Lights Up on the Great Road and New Housing Around Town

By Jordan Stewart

Emerson Dental and Verizon Wireless, two businesses incoming at 168 and 170 Great Road, appeared in front of the Zoning Board of Appeals on June 13 seeking a special permit for illuminated signs. Both companies described their proposed signs as architecturally pleasing, explaining that they fit in with the numerous neighboring businesses with illuminated signs. Both were granted special permits per Article 39.5 Section 1 of the Sign Bylaw, allowing them to put up the signs, with Verizon also calling upon Article 34.5 (A)(1) of the Sign Bylaw, permitting their signage to be split into two different signs, with one in the front and rear of the building.

Michael Scott Property Investments, LLC, was the next to make an appearance in front of the ZBA. This meeting was a continuation from previous talks, in which the Board denied a permit to the developers. They plan to tear down the previously existing house on 17 Putnam Road and replace it with a new house, one which will be much larger, albeit extend less towards the neighbors’ properties. The Board feared the proposed house would be too large for the neighborhood, which features many ranch-style homes, and so had requested at the previous meeting that they create a new proposal for the home.

When the developers returned with plans for a slightly downsized house, the Board was pleased to see changes had been made. Board member Carol Amick expressed concern that the home was still too large and questioned why the listing size of 3960 sq. ft. did not include the top floor, when the space was livable. Amick and the developer disagreed upon whether or not the space was, in fact, livable, but eventually a permit was granted for the newly sized home to proceed in development.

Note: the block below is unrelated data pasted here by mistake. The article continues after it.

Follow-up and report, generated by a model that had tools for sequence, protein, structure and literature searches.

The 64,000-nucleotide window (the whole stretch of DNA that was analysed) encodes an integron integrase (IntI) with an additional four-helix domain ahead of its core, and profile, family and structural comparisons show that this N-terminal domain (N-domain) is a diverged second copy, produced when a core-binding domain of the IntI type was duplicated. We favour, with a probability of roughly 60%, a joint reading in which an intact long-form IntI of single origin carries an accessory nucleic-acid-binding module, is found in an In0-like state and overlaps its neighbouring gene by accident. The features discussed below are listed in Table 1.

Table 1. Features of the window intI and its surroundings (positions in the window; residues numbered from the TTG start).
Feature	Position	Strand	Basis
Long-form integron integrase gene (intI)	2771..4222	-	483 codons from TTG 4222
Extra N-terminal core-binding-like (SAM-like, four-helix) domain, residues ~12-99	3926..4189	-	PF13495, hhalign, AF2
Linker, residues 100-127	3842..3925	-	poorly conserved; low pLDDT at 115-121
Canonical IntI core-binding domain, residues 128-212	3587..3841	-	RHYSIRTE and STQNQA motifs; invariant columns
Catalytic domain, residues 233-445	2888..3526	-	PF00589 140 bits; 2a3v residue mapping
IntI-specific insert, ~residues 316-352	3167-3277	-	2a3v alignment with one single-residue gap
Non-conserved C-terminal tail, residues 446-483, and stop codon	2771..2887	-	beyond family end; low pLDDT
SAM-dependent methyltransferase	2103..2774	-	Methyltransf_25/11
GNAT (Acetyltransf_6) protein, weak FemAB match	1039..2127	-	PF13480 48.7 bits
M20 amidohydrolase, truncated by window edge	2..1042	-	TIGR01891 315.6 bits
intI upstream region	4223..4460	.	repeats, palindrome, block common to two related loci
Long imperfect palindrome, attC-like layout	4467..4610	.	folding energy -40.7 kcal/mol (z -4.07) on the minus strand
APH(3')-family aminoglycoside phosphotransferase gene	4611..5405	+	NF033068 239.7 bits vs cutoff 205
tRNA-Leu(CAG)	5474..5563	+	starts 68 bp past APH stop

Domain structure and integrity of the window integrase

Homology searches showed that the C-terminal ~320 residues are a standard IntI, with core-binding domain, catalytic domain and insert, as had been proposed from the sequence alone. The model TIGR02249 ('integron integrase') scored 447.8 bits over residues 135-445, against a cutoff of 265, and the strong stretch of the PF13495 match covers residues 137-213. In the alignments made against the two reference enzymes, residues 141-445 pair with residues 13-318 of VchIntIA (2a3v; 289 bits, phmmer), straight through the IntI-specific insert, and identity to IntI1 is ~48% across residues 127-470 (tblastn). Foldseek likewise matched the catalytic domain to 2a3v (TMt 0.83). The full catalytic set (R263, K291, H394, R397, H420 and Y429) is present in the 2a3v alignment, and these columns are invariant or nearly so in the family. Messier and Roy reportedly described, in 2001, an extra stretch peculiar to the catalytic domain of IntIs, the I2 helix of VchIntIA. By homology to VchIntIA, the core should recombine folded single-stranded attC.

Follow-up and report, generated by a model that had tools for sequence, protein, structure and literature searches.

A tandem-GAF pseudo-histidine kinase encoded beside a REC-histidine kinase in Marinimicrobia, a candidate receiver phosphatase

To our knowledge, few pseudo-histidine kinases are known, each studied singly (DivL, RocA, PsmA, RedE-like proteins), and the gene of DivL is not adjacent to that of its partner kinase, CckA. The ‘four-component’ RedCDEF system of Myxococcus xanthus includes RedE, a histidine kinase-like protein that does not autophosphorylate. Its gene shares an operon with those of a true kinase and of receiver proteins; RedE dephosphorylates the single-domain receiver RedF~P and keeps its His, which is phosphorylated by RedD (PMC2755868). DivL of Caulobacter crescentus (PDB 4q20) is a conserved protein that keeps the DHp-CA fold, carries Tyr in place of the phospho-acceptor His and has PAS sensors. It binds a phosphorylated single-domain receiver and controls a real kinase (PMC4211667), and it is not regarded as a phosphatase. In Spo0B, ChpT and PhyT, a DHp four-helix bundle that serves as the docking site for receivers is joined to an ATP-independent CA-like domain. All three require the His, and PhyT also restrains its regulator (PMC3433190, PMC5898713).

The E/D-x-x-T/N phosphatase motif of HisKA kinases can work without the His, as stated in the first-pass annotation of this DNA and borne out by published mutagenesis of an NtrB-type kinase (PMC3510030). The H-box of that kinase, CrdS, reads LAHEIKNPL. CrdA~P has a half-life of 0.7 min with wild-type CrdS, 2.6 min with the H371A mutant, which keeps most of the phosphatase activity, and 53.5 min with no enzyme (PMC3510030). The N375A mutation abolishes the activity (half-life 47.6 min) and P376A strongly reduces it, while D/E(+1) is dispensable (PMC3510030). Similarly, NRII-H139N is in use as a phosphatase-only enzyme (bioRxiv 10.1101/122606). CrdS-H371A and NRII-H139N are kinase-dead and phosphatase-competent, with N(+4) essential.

Concluding the night was a proposal from the Village at Bedford Woods seeking to add 26 additional units to their condominium village, bringing the total up to 56. The new units were described as ‘townhouse’ units, as opposed to the ‘garden’ units which make up the currently existing condos. Fitting with MassHousing standards, which require that 25% of the added units be affordable housing, six of the 26 units will be made affordable housing options. As for the styles of the new condos, 20 will be 3-bedroom units, with the other six to be 2-bedroom units. Residents and trustees from the Village came to the meeting with questions and concerns about the project at the ready.

Among the fears expressed were a lack of space for guest parking (15 spots would be added to the previously existing 15), additional costs for snow removal, and green space in the area. The developers working on the project felt frustrated that small concerns were holding back progress on the new units. The developers had already conceded their initial proposal to add 80 units, coming to an agreement on 26, and felt that both sides needed to be prepared to compromise.

Although concerns persisted to the end of the discussions, the residents and trustees conveyed the message that they were in support of the project, and the Zoning Board gave the developers permission to proceed.

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